Early Divorce in Kentucky

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The Divorce in Kentucky Part 1

Early Divorce in Kentucky

Early Divorce in Kentucky

Cartoon parodying the circus-like divorce proceedings of Anna Gould (an American heiress and socialite) and Boni de Castellanein 1906 

Early Divorce in Kentucky

Divorce action was not unknown in early Kentucky, but it was infrequent. The Commonwealth stipulated that the Legislature, or General Assembly, was the only route to dissolution of marriage, through a special law for that specific purpose. Many early states faced the same burden, Kentucky taking her direction from mother-state Virginia. The original Kentucky constitution did not address divorce directly, partly due to pressures from ministers, and partly due to lack of vision, not recognizing the need for such measure.

Certainly, divorce was rare in early Kentucky, but the main reason was the difficulty in obtaining one. The concerned parties had to hire an attorney to apply for an act of the Legislature; the bill had to be drafted, a member of the Assembly had to introduce the bill and arguments had to be presented, showing the true need for divorce. Generally the act was passed, for if the bill was introduced, the action was nearly assured. A long and arduous process.

Reasons for Divorce

The only acceptable reason for divorce at the time was adultery. Some divorces were also granted upon the proven charges of cruelty or abandonment. Substantial proof had to be gathered and witnesses deposed before any actions could be taken. Only after such evidences could be obtained could a legislator be approached to introduce the bill. The more political, or financial, influence that could be mustered, the more likely the divorce would materialize.

An Act was passed on 31 January 1809 that gave the Circuit Court authority to grant divorces on certain grounds. The Kentucky Court of Appeals soon ruled that Circuit Courts had no jurisdiction except by Statute. So, for a number of years there were two avenues to be taken in obtaining a divorce—1) by legislative act, if both parties requested it; or 2) by filing a civil suit in the plaintiff’s Circuit Court. In some cases, the Legislature would refer a case for divorce to Circuit Court for legal expedition.

1840 Convention

The issue of legislative marriage dissolution came to a head in the late 1840s when, with the convening of the Legislature at Frankfort, the town would fill up with those seeking a special act to end the matrimonial bond. When the General Assembly met in 1848, one legislator described the session as more of a ‘court of divorcement’ than a meeting of lawmakers. The town, normally filled to near-overflowing during annual sessions, was more crowded due to those women, men and attorneys seeking special act for divorce. Ultimately, over 300 divorce acts were heard by the 1848 lawmakers.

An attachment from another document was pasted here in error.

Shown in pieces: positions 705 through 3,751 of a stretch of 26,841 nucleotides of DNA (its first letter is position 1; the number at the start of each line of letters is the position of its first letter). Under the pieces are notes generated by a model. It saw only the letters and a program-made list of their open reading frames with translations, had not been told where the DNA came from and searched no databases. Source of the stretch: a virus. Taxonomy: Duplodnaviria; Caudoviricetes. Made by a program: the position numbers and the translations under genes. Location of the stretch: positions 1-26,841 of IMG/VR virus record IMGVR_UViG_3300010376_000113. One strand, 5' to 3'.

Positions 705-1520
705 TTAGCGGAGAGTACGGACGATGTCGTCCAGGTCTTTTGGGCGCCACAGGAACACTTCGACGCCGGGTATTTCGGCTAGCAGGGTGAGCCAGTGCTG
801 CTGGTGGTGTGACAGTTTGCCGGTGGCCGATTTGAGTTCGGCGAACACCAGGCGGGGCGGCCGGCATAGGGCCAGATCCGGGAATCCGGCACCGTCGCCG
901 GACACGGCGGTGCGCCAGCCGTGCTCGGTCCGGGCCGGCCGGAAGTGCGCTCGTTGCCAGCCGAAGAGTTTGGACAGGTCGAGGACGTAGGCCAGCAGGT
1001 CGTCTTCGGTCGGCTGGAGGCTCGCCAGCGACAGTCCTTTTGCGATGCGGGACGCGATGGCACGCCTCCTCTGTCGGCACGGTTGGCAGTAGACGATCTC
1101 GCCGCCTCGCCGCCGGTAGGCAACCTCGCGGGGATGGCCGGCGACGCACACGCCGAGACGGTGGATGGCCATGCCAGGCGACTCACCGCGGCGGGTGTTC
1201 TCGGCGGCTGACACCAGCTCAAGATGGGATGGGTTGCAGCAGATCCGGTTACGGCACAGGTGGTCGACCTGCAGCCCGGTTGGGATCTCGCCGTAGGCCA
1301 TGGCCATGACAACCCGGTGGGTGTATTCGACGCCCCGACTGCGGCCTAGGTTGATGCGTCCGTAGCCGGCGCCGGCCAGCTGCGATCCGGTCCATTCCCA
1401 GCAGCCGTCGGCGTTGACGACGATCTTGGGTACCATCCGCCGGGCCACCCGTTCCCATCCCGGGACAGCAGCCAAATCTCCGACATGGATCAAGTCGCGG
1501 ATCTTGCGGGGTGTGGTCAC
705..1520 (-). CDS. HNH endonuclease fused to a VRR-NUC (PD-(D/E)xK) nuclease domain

The tide was stemmed as a result of a change in Kentucky’s Constitution. A convention to amend or re-adopt the Constitution was convened in January 1849. The following October, 1849, delegates met at Frankfort to reorder the general laws of the land. A change was made in the new Constitution that took the ‘act of divorce’ from the hands of the General Assembly:

‘The General Assembly shall have no power to grant divorce, to change the names of individuals, or direct the sales of estates belonging to infants, or other persons laboring under legal disabilities, by special legislation; but by general laws shall confer such powers on the courts of justice.’

So, with the Kentucky Constitutional Convention of 1849, the jurisdiction of the Legislature to grant divorces was taken away; all such actions would henceforth be within the jurisdiction of the Circuit Court. In 1972 the designation “divorce” was changed to “dissolution of marriage.”

Michael C. Watson, 2015

Early Divorce in Kentucky

One thought on “Early Divorce in Kentucky

  1. Sad for me. My grandfather divorced my grandmother to marry his deceased brother’s wife. It is said that he got into an argument with his brother .and stabbed him. Whether there was a love connect is not known. Years later he hung himself or maybe the divorced wife hung him. Either way I would love to see the divorce actions and what they said. The divorce was in the 18869”s or 70’s Unfortunately the court house burned in Hart County so they are not available. Any suggestions?

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